15 years ago I started going out fishing, coming back and leaving posts about my adventures on fishing forums. In the past 15 years I estimate that between the original post, the comments to the post and general posts on fishing that had nothing to do with actually being out fishing, I've left at least 6,000 things out there floating around on the internet.

Give or take a few.

I never thought of myself as a writer. I've never taken a writing class. I used to paint and before I stopped I was writing short paragraphs on top of my paintings. I must be compelled to write things down for some reason whether I know what I'm doing or not.

This starts to touch upon the problem. I go out fishing, I come back and I feel compelled to write something down about it. The brain is just a muscle and that process has become part of my muscle memory. With blogs this problem becomes compounded. I have to put something up there after every fishing trip or my page hits will go down. Nobody will come visit my blog. I'll become a fishing non-entity.

I'm beginning to envy people that just go out fishing, have a nice day of it, or not, come home and go to sleep.

Instead, while I'm out on the water, I'm composing stories in my head. I'm taking pictures and thinking about what I'm going to say about them. The whole day is coming together in my head with words and images, I just have to put them down when I get home.

And that's the part I would like to have the ability to shut off now and then. Not every outing is all that important. Not every outing has some meaning to it other than I went out fishing. Maybe I caught a fish. I went home and had a beer.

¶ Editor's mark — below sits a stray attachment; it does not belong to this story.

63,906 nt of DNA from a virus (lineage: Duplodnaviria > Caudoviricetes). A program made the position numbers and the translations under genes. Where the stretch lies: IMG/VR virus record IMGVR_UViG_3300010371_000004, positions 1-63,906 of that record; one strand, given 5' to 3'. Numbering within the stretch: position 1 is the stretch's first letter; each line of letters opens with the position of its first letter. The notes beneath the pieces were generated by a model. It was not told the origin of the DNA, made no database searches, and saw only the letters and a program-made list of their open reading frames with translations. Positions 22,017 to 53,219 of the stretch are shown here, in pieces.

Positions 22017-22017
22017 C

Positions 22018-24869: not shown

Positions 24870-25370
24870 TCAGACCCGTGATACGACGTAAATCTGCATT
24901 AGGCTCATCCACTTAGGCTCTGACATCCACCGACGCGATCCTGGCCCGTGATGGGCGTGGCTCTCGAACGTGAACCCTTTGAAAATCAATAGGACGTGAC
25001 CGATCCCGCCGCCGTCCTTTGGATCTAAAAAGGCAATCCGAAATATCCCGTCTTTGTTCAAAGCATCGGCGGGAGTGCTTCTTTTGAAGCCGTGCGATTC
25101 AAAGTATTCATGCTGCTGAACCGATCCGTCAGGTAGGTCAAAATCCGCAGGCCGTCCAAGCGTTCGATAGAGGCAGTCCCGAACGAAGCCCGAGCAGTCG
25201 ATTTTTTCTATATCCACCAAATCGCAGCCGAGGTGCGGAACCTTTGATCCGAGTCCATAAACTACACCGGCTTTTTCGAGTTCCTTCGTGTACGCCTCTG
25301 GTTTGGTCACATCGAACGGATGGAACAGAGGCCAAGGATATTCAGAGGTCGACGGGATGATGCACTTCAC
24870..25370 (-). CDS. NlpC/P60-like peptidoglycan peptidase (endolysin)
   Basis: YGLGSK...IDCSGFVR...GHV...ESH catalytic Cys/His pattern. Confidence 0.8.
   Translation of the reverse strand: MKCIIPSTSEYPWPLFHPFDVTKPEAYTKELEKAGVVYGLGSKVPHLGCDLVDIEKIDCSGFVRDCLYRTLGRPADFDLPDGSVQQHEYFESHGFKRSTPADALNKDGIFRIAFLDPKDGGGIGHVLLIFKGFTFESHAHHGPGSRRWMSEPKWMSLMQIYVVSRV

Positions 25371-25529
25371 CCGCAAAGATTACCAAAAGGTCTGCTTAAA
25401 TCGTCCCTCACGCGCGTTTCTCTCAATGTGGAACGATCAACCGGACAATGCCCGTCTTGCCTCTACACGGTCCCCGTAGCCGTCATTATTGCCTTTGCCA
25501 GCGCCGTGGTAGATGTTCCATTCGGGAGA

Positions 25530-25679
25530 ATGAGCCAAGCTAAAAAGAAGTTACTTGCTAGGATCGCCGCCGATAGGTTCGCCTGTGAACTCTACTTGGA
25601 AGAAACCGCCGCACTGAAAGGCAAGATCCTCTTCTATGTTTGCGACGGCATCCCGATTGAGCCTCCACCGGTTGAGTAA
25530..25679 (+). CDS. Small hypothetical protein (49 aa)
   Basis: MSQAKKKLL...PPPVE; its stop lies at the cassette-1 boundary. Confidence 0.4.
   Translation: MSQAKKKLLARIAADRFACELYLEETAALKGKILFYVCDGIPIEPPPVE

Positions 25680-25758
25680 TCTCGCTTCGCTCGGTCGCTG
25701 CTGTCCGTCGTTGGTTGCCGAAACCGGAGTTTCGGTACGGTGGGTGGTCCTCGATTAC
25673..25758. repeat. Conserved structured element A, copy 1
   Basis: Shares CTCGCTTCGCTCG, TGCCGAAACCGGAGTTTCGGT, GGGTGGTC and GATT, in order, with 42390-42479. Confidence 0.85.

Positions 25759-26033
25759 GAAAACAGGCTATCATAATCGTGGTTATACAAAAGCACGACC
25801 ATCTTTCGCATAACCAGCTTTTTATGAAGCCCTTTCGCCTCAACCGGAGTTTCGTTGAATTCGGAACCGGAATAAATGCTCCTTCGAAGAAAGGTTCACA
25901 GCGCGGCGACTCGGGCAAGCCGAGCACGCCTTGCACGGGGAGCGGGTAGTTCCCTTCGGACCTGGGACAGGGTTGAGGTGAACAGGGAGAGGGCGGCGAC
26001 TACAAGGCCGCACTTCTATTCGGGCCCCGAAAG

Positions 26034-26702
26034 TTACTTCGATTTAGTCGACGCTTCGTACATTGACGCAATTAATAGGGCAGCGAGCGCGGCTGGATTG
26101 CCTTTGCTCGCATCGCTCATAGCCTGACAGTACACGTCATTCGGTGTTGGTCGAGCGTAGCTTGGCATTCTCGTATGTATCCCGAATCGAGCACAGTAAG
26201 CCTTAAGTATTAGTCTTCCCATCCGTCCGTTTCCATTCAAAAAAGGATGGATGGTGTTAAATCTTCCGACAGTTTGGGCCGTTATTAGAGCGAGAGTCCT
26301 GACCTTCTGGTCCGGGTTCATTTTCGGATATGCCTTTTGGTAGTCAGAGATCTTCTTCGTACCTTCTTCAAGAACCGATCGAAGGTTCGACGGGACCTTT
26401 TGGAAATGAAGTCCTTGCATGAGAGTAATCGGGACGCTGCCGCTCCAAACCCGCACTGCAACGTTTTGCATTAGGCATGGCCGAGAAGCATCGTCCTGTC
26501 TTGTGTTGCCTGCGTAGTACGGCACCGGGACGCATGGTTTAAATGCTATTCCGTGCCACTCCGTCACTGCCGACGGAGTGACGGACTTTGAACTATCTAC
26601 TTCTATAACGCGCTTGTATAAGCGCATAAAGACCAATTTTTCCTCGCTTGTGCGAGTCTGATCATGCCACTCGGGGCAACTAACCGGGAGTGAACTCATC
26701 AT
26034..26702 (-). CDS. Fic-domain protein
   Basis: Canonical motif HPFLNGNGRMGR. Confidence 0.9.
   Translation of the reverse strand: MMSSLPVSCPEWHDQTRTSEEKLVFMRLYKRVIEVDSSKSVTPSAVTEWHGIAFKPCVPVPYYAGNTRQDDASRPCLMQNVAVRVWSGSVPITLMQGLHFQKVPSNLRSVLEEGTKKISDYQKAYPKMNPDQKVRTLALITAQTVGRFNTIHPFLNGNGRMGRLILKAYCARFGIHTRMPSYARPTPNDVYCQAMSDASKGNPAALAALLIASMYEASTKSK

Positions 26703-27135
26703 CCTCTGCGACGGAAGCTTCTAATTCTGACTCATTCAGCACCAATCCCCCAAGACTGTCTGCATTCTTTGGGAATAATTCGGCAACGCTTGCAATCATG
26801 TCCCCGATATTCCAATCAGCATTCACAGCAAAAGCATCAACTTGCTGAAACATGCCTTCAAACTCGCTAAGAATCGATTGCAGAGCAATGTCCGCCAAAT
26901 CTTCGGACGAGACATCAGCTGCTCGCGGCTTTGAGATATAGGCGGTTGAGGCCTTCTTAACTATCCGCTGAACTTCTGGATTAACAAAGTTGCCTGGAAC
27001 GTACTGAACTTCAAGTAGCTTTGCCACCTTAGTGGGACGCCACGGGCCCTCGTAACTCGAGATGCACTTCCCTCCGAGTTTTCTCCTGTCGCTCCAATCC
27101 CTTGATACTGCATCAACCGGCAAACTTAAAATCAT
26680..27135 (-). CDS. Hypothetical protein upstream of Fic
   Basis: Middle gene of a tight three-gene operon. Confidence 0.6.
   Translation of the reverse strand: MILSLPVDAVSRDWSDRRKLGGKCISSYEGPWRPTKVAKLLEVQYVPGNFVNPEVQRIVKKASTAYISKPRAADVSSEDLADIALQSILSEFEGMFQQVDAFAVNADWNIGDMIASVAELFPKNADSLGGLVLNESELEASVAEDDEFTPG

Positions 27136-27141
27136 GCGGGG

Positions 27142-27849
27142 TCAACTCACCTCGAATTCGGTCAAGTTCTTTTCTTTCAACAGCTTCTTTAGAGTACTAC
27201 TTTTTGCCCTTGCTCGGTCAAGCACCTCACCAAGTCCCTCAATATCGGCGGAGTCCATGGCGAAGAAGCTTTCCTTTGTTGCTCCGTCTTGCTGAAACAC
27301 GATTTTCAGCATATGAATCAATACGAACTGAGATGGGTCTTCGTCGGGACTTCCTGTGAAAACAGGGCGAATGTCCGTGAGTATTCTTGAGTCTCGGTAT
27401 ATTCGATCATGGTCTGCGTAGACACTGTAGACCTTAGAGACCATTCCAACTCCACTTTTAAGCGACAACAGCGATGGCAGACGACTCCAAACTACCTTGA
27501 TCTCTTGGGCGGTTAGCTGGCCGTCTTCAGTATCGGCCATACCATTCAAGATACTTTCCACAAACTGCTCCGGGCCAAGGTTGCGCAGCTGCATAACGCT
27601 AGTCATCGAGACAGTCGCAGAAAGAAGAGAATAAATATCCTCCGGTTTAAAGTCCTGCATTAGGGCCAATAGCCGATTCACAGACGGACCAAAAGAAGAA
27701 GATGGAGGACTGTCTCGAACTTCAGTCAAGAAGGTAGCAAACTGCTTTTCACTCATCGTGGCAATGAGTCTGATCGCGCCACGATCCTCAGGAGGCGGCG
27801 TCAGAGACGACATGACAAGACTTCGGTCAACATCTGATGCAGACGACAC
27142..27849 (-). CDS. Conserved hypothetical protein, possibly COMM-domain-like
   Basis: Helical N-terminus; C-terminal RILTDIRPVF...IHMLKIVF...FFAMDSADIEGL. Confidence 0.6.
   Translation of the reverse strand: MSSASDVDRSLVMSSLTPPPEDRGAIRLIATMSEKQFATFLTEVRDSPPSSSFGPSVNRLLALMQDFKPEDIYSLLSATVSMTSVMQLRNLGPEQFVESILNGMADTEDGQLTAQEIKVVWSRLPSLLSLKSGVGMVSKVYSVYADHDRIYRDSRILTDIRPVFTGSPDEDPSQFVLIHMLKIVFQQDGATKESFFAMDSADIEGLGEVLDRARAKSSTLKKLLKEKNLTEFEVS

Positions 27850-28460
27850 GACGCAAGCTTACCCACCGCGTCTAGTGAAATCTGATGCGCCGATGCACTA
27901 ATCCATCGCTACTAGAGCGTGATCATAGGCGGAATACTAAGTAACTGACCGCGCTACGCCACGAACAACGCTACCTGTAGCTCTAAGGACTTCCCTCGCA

That's it, 'nuff said.

I know at times I have those moments like Mike and I Just Wasn't Feelin' It.

It had nothing to do with not wanting to be out fishing. It had everything to do with not wanting to think about being out fishing and feeling like I had to go home and write about the experience when I was done. Kills the enthusiasm. Kind of like talking about sex before actually having it. Unless, of course, that's what you're into.

I also envy those that wrote about the outdoors in pre-computer days. They went about fishing and hunting and wandering around, then on a day shitty enough to keep them inside, they sat down, gathered their thoughts and wrote things down. Eventually, if they were lucky, what they wrote would get published in something.

There once was a lawyer, apparently a very good lawyer, named John Voelker that made his home in the Upper Peninsula of Michigan. He liked three things, the ruffed grouse, the white-tailed deer and the brook trout. During the long UP winters he would sit and write, there wasn't much else to do, under the pen name Robert Traver.